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Zhangjiang to take the lead in photon scientific research

chinadaily.com.cn Updated:2017-12-22

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Design of the Hard X-ray Free Electron Laser Facility that recently started its construction in Shanghai's Zhangjiang area. [Photo/WeChat account: zhangjiangfabu]

The Zhangjiang Comprehensive National Scientific Center in Shanghai will become an international photon scientific research hub with the landing of a series of cutting-edge related scientific facilities, Pudong Times reported on Dec 20.

The recent arrival is the Hard X-ray Free Electron Laser Facility, co-built by the ShanghaiTech University, Shanghai Institute of Applied Physics of Chinese Academy of Sciences (CAS), and Shanghai Institute of Optics and Fine Mechanics of CAS.

Once the construction of the facility is completed, it will become one of the world's most effective and advanced free electron laser facilities. It can be used for multiple subjects including physics, chemistry, life science, material science, and energy science and provide cutting-edge research methods such as high-resolution imaging, ultrafast process exploration, and advanced structural analysis.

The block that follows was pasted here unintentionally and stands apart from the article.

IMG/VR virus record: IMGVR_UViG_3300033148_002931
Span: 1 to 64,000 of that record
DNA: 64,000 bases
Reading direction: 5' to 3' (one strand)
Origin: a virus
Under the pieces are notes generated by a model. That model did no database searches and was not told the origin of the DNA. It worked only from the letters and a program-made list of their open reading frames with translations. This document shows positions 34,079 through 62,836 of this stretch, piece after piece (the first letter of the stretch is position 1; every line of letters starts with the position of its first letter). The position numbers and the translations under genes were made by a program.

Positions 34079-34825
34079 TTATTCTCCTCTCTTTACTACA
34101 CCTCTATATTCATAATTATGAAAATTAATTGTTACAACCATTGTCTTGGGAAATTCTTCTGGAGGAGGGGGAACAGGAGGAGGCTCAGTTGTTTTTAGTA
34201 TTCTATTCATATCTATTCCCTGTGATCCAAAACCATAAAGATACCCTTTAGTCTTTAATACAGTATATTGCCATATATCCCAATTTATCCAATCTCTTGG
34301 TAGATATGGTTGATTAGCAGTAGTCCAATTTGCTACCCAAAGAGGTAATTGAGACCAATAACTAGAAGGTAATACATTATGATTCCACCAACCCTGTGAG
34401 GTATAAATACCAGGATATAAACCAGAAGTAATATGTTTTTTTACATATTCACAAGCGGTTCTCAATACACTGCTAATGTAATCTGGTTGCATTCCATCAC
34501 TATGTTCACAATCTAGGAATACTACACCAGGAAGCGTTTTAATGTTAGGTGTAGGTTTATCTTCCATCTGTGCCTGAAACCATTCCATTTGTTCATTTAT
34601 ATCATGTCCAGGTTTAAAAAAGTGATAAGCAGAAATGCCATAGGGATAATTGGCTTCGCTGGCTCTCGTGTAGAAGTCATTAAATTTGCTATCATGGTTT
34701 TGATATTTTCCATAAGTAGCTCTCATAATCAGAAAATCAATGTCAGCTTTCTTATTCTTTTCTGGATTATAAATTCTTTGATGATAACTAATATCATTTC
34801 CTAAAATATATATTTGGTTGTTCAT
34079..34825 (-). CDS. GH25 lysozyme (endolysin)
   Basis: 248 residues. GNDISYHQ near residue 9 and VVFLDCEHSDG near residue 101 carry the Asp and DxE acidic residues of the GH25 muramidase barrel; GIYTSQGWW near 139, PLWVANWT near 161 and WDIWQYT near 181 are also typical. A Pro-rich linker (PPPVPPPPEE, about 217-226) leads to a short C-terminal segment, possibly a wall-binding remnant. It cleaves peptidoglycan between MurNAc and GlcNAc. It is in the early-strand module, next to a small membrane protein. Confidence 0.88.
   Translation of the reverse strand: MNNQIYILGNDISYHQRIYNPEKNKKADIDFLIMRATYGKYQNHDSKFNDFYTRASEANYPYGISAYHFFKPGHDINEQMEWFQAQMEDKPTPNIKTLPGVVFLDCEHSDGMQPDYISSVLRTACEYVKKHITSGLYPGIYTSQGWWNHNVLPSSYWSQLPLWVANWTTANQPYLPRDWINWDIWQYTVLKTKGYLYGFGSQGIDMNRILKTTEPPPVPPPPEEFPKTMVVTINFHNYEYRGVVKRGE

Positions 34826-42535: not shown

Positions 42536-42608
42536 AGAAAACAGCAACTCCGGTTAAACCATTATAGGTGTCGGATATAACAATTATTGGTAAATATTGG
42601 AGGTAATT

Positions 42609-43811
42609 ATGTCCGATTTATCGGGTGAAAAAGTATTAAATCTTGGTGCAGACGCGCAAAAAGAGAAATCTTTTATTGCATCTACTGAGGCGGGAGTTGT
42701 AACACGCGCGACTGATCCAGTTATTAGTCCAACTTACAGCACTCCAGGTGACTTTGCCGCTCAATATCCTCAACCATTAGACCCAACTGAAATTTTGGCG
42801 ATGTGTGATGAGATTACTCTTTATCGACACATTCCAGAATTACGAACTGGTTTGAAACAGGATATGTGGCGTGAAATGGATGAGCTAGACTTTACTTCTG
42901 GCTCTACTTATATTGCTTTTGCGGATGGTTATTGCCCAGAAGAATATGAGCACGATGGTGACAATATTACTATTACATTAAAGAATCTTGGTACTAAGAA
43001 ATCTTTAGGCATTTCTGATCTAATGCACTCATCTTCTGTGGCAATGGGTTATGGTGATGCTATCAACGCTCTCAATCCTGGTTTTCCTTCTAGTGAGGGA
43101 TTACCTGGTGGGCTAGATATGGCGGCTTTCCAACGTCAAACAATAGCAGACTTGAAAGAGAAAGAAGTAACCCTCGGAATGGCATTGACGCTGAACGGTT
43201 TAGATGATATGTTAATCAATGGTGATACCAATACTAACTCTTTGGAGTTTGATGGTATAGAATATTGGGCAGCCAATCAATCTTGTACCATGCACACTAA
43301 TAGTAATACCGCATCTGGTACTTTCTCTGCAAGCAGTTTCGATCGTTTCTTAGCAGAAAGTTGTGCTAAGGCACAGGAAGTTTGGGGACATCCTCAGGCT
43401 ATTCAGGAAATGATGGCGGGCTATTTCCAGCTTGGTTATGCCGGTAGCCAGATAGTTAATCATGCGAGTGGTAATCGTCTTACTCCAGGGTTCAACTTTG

Additionally, the Shanghai Superintense-Ultrafast Lasers Facility that arrived in Zhangjiang in December 2016 made great progress on Oct 24, achieving the goal of delivering 10-petawatt lasers.  

Ultra-intense ultra-fast lasers, also known as the brightest light known to man, are capable of creating extreme physical conditions that rarely exist in the universe.

This achievement is of great significance to the research in fields of superfast chemistry, attosecond science, material science, laser fusion, nuclear physics and nuclear medicine, and astrophysics.

Many countries around the world such as France and UK are investing heavily in developing facilities capable of delivering 10-petawatt lasers.

Zhangjiang is also home to the Shanghai Synchrotron Radiation Facility and the Soft X-ray Free Electron Laser Facility. Those facilities will help the area develop into a photon scientific research highland.

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